Boksburg tanker explosion

Bystanders inspect the collapsed bridge on Hospital Street that collapsed in the Boksburg tanker explosion on 26 December 2022. (Photo: Gallo Images / Fani Mahuntsi)

On the approach to the bridge is a turn-off to the entrance of Boksburg Lake. The tri-axle tanker, with a length of less than 20m including the truck, might have been able to use this as a safe spot at which to turn around once confronted with the low-lying bridge.

Moreover, standard practice in the transport of hazardous materials includes performing a pre-inspection of the route, noting detours and possible hazards, all of which the driver is to be briefed on before a journey. Such an obstacle on a possible route such as the low-lying bridge might have been noted. This is called a route risk inspection (RRA).

‘I’m not feeling okay about this’

We put these questions to the driver of the tanker and Innovative Staffing Solutions, asking whether the signage was visible and why the driver did not turn around, as well as requesting a copy of the RRA.

The driver of the tanker was arrested while in hospital soon after the incident, and charged with several cases of culpable homicide. He was released a few days later due to a lack of evidence.

Daily Maverick managed to trace the driver to his home town in KwaZulu-Natal.

“I’m stressed. I’m stressed too much,” he said. “If I’m talking about this accident, like, I’m feeling confused. I’m not feeling okay about this.”

He directed further questions to his lawyer.

Attorney William Booth, who represents both the driver and Innovative Staffing Solutions, declined to answer these questions on the basis that they are subject to ongoing investigations and possible criminal and civil litigation.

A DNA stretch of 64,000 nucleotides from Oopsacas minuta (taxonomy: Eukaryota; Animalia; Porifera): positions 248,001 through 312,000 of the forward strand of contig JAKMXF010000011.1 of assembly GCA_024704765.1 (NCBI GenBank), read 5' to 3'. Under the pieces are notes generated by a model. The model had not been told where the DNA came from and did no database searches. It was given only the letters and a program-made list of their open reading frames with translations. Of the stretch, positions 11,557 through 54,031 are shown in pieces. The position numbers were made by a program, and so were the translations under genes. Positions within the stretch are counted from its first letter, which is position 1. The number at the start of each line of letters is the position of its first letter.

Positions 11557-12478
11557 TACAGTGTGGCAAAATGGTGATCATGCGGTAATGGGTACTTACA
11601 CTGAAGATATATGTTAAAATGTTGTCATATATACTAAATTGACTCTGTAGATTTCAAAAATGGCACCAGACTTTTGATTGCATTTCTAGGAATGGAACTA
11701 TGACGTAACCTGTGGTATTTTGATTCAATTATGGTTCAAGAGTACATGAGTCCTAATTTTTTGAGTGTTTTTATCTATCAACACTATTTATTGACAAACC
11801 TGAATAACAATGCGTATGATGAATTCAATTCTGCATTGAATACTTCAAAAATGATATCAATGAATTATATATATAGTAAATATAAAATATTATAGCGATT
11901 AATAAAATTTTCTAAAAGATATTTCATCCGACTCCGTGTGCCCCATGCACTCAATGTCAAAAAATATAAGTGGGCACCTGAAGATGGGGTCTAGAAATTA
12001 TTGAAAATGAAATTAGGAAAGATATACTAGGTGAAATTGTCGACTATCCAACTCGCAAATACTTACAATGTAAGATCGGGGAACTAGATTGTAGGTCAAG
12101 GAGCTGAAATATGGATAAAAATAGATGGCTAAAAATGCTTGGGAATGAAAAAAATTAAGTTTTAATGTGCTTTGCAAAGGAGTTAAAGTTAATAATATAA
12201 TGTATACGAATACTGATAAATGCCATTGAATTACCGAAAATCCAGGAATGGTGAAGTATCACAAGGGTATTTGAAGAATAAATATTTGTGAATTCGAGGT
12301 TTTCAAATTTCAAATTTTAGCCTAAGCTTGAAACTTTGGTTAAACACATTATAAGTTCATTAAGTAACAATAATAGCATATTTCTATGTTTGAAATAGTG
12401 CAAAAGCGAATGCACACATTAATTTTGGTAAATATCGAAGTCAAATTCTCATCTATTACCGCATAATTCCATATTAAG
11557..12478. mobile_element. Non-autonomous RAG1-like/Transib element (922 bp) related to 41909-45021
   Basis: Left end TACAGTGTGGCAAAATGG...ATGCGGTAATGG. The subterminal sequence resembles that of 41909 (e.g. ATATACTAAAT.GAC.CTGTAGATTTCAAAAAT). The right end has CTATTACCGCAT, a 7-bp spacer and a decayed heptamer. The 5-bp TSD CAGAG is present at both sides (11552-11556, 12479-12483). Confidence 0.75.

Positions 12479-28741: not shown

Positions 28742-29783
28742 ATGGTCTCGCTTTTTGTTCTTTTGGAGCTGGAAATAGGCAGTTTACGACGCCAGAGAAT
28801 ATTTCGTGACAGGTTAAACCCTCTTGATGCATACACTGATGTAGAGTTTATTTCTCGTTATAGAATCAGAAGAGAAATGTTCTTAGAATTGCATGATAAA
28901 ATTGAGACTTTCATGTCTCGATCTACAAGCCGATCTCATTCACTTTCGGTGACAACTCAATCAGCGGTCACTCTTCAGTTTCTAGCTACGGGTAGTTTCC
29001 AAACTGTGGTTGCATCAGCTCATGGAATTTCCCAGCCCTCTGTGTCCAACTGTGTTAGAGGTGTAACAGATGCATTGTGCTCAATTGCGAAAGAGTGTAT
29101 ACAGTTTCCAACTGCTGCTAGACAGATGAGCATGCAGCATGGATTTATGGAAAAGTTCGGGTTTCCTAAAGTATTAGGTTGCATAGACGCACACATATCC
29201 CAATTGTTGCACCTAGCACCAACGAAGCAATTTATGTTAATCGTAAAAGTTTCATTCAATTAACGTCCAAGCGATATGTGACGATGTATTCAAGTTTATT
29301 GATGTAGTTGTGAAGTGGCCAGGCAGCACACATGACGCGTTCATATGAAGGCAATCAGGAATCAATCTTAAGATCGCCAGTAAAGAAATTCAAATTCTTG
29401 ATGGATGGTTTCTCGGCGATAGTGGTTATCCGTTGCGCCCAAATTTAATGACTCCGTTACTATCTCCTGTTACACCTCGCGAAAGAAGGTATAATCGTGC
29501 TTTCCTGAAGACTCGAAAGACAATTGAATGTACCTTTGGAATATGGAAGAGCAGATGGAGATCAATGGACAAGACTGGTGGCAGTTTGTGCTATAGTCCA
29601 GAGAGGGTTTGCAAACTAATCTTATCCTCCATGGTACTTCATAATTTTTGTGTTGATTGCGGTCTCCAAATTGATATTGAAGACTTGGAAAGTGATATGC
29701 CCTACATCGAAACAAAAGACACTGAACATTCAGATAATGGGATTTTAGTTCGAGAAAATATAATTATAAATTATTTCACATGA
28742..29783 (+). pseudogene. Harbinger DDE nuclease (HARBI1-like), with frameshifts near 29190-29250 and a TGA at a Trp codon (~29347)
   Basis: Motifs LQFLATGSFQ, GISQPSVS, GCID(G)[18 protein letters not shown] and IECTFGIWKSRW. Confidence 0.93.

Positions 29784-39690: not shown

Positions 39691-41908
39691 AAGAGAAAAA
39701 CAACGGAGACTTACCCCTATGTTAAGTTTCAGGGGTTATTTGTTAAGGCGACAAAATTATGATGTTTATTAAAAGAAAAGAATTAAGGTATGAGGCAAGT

“As the matter is essentially sub judice, I do not feel it is appropriate to deal with your questions as some of them relate to very specific details which may impact on my clients should any of them be criminally charged or, for that matter, should there be an inquest.”

Calls for help unanswered

Swanepoel said: “As far as the bridge is concerned, you must realise that you actually need a group of signage.

“You need a warning sign ahead of this bridge. Then you need a regulatory sign stopping people from going in that direction if the vehicle does not comply. And then another warning sign. So that would be the local authority that would be responsible for it.”

That responsibility falls squarely on the City of Ekurhuleni.

The then mayor of Ekurhuleni, Tania Campbell, claimed in an interview in January that while investigations were still ongoing, “The current reports are indicating that Ekurhuleni signage is in place.”